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Old 10th April 2005, 01:11 AM   #1
ped is offline ped  United States
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Default Location of input coupling cap

Hi All,

I've built several Gainclones of differing topologies and up until now haven't had the need to use an input coupling cap. I recently aquired a Behringer DCX 2496 which I believe is direct coupled and can potentially produce a dc offset, so I want to add an input cap to my GC's until I know for sure about the DCX. I'm just not sure of the correct location for this cap. I've seen schematics showing it either before or after the input resistor. Does it make a difference? These are your basic NIGC's with a 50k input resistor to ground, no volume control.

Any help will be greatly appreciated
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Old 10th April 2005, 01:24 AM   #2
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Default Re: Location of input coupling cap

Quote:
Originally posted by ped
I've seen schematics showing it either before or after the input resistor. Does it make a difference?
On an inverting (chip) amp the cap can be after the input resistor to ground, because the inverting input of the op-amp is a virtual ground and what sets the input impedance is the input resistor.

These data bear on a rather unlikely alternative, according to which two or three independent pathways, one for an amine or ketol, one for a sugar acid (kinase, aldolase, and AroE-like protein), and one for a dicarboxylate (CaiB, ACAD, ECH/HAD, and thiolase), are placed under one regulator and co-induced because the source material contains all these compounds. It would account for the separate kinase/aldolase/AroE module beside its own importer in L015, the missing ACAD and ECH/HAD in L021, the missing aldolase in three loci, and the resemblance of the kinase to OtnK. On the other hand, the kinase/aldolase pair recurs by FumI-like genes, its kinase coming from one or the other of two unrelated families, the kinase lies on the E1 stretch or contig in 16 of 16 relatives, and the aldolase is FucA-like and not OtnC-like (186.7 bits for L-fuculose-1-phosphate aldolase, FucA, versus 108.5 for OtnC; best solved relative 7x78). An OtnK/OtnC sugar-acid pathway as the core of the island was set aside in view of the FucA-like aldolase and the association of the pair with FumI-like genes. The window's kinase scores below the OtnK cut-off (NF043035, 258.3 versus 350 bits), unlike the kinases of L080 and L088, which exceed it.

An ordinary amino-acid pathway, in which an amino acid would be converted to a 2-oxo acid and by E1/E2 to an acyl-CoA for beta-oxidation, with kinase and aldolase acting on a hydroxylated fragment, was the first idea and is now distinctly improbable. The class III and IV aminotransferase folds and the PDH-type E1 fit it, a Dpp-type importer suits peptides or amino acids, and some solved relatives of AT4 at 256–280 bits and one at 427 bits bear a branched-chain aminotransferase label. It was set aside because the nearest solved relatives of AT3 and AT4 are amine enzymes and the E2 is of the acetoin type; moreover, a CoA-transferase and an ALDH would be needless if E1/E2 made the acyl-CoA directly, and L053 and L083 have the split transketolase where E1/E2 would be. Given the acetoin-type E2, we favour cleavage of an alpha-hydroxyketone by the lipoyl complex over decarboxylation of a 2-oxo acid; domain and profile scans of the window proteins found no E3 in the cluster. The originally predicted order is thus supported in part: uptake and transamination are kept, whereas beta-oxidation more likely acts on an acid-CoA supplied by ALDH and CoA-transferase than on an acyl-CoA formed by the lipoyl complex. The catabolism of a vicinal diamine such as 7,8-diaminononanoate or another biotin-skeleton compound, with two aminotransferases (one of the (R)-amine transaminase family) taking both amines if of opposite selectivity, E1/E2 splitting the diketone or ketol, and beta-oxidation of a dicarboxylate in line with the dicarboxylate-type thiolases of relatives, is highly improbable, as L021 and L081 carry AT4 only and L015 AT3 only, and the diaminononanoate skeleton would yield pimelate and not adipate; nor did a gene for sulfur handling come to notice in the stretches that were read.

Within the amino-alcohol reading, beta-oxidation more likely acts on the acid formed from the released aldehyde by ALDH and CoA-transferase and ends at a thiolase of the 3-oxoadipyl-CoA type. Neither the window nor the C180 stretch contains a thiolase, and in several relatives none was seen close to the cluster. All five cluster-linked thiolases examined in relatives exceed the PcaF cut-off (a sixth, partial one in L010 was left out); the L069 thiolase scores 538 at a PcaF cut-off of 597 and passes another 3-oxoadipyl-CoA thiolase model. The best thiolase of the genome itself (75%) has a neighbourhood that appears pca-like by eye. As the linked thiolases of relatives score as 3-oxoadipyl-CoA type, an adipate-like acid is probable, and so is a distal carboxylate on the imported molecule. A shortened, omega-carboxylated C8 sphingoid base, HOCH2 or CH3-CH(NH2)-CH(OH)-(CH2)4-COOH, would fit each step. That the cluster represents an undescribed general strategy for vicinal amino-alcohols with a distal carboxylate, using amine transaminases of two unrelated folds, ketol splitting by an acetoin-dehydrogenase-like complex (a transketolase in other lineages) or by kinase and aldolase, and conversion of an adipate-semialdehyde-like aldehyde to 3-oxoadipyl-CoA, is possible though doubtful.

In your case (non-inverting) you have to use the cap before the 50k resistor to ground.
Use a 1uf film cap.
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Old 10th April 2005, 08:54 PM   #3
pjanda1 is offline pjanda1  United States
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I've recently been doing some searches, and it appeared to me that most use a 4.7uf input cap and some a 2.2uf. I have relatively little knowledge, but my understanding was that a higher value has a lower cut off frequency but is worse in terms of sonics, $$ and physical size. Help me if I'm way off on this, as I'm planning on ordering some parts tomorrow.

I'm planning to use caps on only one set of inputs of my NIGC 3875 project (linear pot and 33k to ground). My usual sources don't pass any DC, but I sometimes need to listen to a portable device. In that instance the sonics of that aren't particularly important, so I was planning on using a 4.7 electrolytic to save $$ and space. If 1uf is more appropriate that's good to know.